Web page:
The voice of De Anza since 1967.

Why you shouldn’t make the trip to the Rio Olympics

June 9, 2016

From infectious diseases and workers on strike to the mosquito infested swimming pools and consistent delays in construction of infrastructure, a disaster is slowly taking form at the Rio de Janeiro Summer Olympics.

We must not support sporting events wherein livelihoods and lives are endangered. Don’t go to the Olympics, don’t support the Olympics, don’t even watch it.

The Olympics has always been a place where borderline superhumans showcase immense talent and skill. The upcoming Rio Olympics however, will likely showcase a “full blown global health disaster,” according to Dr. Amir Attaran of the Harvard Public Health Review.

The Zika virus, a illness affecting pregnant women and their fetuses, has so far avoided significant global propagation, but a recent outbreak has occurred in Brazil. “All it takes is one infected traveller, a few viral introductions of that kind, in a few countries, or maybe continents, [and there’d be] a full-blown global health disaster,” Attaran said, referring to the half a million foreign tourists estimated to visit Rio during the Summer Olympics.

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The International Olympic Committee has even begun to ask people refrain from criticizing preparations thus far. “The message we have received from the IOC is that you have to say everything is fine because if you don’t say that you will create bigger problems,’’ International Hockey Federation president Leandro Negre said.

Contrary to what the IOC would apparently have you believe, shining a light on potentially unscrupulous actions can be useful for avoiding human right violations. According to reports from The Guardian, Brazil chose to use the Olympics as pretext for social cleansing via forced clearances of favelas (a type of slum).

Other failures of the Rio de Janeiro Organizing Committee for the Olympic Games include failures to pay already destitute workers on time, leading to union organized strikes and threats of yet more unfinished infrastructure.

In fact, Rio’s 2009 bid for the Olympics included proposals for the removal of massive amounts of sewage. However, after the economy tanked the government instead went with a fall back plan of building makeshift barriers to stop garbage and untreated human waste away from floating into competitors’ rudders at the competitive venues.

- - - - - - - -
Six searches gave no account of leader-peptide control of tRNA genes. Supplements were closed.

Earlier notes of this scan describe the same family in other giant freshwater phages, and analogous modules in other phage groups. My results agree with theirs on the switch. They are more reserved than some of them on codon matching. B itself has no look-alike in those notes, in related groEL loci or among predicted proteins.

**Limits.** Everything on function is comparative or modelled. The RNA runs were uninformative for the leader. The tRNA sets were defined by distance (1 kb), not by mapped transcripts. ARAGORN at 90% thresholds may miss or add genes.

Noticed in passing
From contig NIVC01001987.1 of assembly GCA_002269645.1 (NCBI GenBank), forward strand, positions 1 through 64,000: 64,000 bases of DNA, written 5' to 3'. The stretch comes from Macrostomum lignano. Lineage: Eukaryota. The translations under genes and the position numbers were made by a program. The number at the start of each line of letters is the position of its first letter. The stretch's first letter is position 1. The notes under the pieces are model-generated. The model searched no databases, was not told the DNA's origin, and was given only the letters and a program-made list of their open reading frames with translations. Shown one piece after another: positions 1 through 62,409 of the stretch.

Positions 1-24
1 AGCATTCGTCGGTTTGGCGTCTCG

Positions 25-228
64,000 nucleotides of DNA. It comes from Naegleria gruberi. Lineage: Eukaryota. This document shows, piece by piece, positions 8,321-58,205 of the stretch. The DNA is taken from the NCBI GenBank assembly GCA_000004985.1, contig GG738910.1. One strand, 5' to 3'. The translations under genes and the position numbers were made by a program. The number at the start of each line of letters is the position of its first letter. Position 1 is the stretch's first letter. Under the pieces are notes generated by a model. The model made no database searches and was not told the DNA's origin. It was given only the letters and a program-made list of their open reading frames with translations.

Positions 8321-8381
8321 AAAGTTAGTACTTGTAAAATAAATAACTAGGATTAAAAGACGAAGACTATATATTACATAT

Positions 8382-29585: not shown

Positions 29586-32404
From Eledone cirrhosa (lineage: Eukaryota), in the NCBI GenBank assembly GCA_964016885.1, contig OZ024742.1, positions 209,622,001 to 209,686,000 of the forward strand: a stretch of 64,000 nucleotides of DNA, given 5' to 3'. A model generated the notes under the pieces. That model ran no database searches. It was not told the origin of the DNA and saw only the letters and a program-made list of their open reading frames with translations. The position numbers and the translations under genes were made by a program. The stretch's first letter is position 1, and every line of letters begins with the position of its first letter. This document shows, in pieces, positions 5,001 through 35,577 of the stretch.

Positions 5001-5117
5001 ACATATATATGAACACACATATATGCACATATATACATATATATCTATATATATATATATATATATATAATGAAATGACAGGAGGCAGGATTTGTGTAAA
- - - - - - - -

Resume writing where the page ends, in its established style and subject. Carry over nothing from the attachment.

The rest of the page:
Last summer, the Associated Press tested the waters and found “viruses that are known to cause respiratory and digestive illnesses, including explosive diarrhea and vomiting, but [that] can also lead to more serious heart, brain and other diseases.”

With the staggering amount of grave concerns regarding the Rio Olympics, both for uninformed tourists and Rio’s poor citizens, we all must take into account the serious ethical issues at stake when choosing how to engage with the Olympics this summer.

Physically traveling to Brazil is the worst possible course of action, due to the risk of disease transmission and the revenues the IOC gains. However, even viewing the games at home is a steady stream of income to an organization that has often conveniently ignored the victims exploited for expedition of entertainment and profit.

For the sake of those who suffer, don’t support the Olympics this year. Though it may seem at first to be unsupportive to tune out the inspiring athletes that work so hard to bring the values of honor and sportsmanship to the forefront, this is the time that ordinary citizens can be inspiring and honorable too – by standing up for those hurt by the preparations for the games, and sending a message that common support will not stand by that which endangers others.

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